Home  |   About us  |   Partner with AWC  |   Login      

Advocacy

Welcome to AWC’s online library of Legislative Bulletin and CityVoice news articles and other updates.

Published on Friday, March 20, 2015

Marijuana revenue sharing bill scheduled for hearing

The House Appropriations Committee will hear SHB 2136 on Monday, March 23, at 3:30 pm.

HB 2136 contains numerous policy changes as well as provisions for revenue sharing with cities and counties. The proposed language includes:

  • A sales tax exemption for qualifying medical marijuana patients. (This is an exemption for the state and local sales tax but does not include an exemption from the marijuana excise tax.)
  • A restructuring of the marijuana excise tax that collapses the tax into one 30% tax collected at the final retail sale of marijuana products.
  • Allowing for local flexibility to reduce the current 1,000 foot buffer. Cities could adopt a buffer of between 1,000 and 100 feet from certain uses. The 1,000 foot buffer is still required for schools and playgrounds.
  • Providing revenue sharing with cities and counties. The revenue sharing is set up as follows:
    • Once the state’s General Fund has received $25 million in marijuana excise tax revenue, then 30%, up to a maximum of $20 million per year, will be distributed to cities and counties.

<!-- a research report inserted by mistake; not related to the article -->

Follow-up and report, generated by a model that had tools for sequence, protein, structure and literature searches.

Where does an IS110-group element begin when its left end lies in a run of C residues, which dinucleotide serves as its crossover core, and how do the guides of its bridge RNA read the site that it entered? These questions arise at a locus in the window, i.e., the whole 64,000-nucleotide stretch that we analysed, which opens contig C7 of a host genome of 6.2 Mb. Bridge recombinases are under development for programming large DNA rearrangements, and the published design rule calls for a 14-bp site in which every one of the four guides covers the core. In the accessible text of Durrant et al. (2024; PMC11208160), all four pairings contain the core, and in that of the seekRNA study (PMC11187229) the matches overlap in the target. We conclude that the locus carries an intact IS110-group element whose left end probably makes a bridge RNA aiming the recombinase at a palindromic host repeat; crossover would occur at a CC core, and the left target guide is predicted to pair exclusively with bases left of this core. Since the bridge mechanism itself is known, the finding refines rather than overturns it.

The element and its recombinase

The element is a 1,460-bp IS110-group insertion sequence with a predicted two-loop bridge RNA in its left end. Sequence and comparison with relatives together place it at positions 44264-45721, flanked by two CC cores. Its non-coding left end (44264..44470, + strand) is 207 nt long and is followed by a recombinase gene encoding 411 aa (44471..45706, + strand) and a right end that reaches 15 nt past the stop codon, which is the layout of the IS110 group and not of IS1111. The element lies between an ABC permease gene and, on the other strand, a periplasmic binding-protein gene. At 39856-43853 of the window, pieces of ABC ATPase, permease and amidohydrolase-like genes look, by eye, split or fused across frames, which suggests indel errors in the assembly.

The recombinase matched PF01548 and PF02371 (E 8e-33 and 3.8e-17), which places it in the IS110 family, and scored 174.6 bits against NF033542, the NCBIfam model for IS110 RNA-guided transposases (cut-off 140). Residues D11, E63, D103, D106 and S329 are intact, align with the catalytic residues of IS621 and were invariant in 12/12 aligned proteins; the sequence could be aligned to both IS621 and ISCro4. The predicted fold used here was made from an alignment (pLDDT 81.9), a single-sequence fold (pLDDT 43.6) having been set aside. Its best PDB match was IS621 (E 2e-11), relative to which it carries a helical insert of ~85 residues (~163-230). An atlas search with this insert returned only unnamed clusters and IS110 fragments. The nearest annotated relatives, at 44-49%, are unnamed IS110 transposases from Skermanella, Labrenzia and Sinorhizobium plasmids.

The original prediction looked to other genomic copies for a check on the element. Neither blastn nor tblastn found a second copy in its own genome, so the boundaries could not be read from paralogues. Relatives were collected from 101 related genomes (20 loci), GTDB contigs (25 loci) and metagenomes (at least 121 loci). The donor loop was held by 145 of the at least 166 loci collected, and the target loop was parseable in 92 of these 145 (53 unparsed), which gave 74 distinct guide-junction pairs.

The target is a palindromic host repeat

• Counties will receive 60% and cities 40%. Distributions will be based on the taxable sales of the jurisdiction. Only jurisdictions that have retail sales will receive funding.
    • Revenue sharing will sunset in 2022.
    • At least $12 million ($6 million per year) is to be provided for distribution to cities and counties in the budget that is adopted for 2015-2017. If those funds are not appropriated in the budget, then the whole bill is null and void.

Additionally the bill requires that SSB 5052, regulating medical marijuana, be enacted for this bill to take effect.

While we are very pleased that revenue sharing is a component of the bill, we are concerned at the mechanisms tied to it. Cities’ message to members of the House Appropriations Committee should be:

  • Revenue sharing needs to be sufficient to help cities address local impacts and the amount of revenue sharing in this bill is too low. The amount of revenue shared should be larger, and the cap of $20 million per year should be removed to allow cities to benefit with revenue growth along with the state.
  • Revenue sharing needs to benefit all cities that allow licensed marijuana businesses. The current limitation on revenue sharing only for jurisdictions with retail sales should be replaced with the distribution method agreed to by cities and counties.
  • The sunset provision that ends revenue sharing in 2022 needs to be removed.

Please contact members of the House Appropriations Committee and your local legislators to share this message with them.

Categories: Marijuana
  Search